Ta-iL, Bada Song

Reading time:

Bada Song, Gallery 1

Preview: 24th January, 6-9pm

25th Jan 2014 – 1st March 2014

The 
Agency 
is 
pleased 
to
 present 
works 
on 
paper
 by 
Korean
artist 
Bada
 Song 
in
Gallery 
1

Bada
 Song 
has 
been  
recognised
 for 
her 
strong 
position 
as 
a 
mark‐maker 
who 
is
influenced 
by 
her 
performance 
practice.
Her 
approach 
to 
drawing 
is broad
 and 
cross‐disciplinary,
involving
 live 
performance,
photography,
sound 
pieces,
video 
and 
painting.The
 ‘
 Leitmotif”
 of
 Song’s
 practice
 is
 Ta‐iL,
 a
 continuing
 series
 of
 representations
 of
 traditional
 hanok
 roof‐ tiles 
as 
a 
symbolic 
pattern.

The 
word 
Ta‐iL 
is 
a 
phonological 
play 
on
 the 
English 
word 
’tile’. 
It 
does 
not 
exist in
 Korean
 but
 is
 made
 up
 by
 the
 artist
 in
 reference
 to
 the
 common
 appropriation
 of
 English
 words
 into
 the Korean
 language 
using
familiar 
Korean 
sound
 patterns 
and 
English 
spelling. 
Song’s 
interest 
in 
the 
roof 
tile 
as a
 symbol
 of
 shelter
 stems
 from
 a
 specific
 Korean
 context:
 During
 the
 Japanese
 occupation
 of
 Korea
 until 1945
 traditional
 house
 building
 was
 discouraged,
 and
 in
 the
 subsequent
 Korean
 War
 (1950‐53)
 much
 of
 the housing
 stock
 was
 demolished.
 Post-war
 there
 were
 little
 funds
 and
 the
 devastated
 traditional
 hanok housing 
in 
urban 
and
 rural 
areas 
was
rapidly 
replaced
 by
hundreds 
of 
plain
 low-cost
apartment 
blocks, 
built  fast 
as 
company
housing
 on 
the 
periphery 
of 
the 
urban 
centres 
of 
South 
Korea.Despite
 the
 obvious
 and
 relevant
 direct
 references
 to
 hanok
 architecture,
 Ta‐iL
 as
 a
 conceptual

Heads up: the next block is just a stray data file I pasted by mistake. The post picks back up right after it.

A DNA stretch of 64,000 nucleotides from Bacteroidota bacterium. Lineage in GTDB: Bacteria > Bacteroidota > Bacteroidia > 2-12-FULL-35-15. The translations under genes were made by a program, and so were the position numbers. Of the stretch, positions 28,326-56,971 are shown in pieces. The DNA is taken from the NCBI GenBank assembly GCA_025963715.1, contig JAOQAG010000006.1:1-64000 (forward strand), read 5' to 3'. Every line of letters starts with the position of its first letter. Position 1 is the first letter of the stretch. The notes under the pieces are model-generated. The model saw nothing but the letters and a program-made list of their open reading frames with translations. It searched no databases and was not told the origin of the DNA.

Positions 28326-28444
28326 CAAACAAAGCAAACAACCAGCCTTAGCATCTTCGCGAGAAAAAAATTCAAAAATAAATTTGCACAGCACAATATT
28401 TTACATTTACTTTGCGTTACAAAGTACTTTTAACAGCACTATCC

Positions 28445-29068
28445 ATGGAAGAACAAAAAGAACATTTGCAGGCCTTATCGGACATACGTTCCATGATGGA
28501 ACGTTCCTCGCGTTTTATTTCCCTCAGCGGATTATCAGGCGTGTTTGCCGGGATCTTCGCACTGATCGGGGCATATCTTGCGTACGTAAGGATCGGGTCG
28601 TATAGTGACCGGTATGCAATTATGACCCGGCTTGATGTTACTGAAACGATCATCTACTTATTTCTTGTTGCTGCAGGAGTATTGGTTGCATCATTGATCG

principle
 underpins most
 aspects
 of
 Bada
 Song’s
 practice.
 The
 tile/
 cover
 also
 signifies
 shelter,
 covering,
 also
 the
 gesture
 of
 covering
 one’s face
 to
 hide
 emotions
 or
 covering
 one
 motif
 with
 another.
 Her
 recent
 triptych
 of
 Yeonji (2013)
 consists
 of
 three elements:
a
 photograph 
showing 
the 
artist 
as 
a 
traditional
 Korean 
bride,
her
 face
obliterated 
by 
a 
red 
circle, 
a 
diptych 
of sound
 pipes,
 covered
 in
 red
 nail
 varnish
 and
 lipstick
 marks
 emanating
 the
 sound
 of
 Bong
 Sun
 Flower,
 a
 Korean resistance
 song
 with
 a
 significant
 literary
 reference
 in
 Theresa
 Hak
 Kyung
 Cha’s
 1982
 post-structuralist
 novel
 Dictee and 
thirdly 
a 
life 
performance 
of 
the 
song 
with 
the 
artist 
covered 
by 
a 
giant 
cloth
hand
-sewn
 from
red 
circular 
pieces. 
All three
 elements
 reveal
 different
 rigorous
 approaches
 to
 layering
 and
 covering
 as
 a
 wider
 application
 of
 mark-making. This 
is
congruent
 with
 the 
dense 
graphite 
mark 
formations 
of 
her 
much 
more 
minimal 
Ta‐iL
 drawings.Bada
 Song’s 
work 
is 
a 
confident
 and 
intriguing 
way 
of 
negotiating 
drawing 
from 
a
premise,
which 
does
 not 
limit 
it 
to 
a 
genre. 
Instead 
her
 gestural 
and semiotic 
approach
opens 
drawing 
up 
as 
a 
cross‐medial
 art 
form.Bada
 Son g
was
 born 
in 
Jeju
 Island,
and 
grew 
up 
in 
Seoul, 
Korea. 
She 
moved 
to 
London
over 
a 
decade 
ago 
and 
was 
awarded 
the 
Jerwood 
Prize (
2nd) 
for 
Drawing 
in 
2012.

from: the Agency, 66 Evelyn Street, London SE8 5DD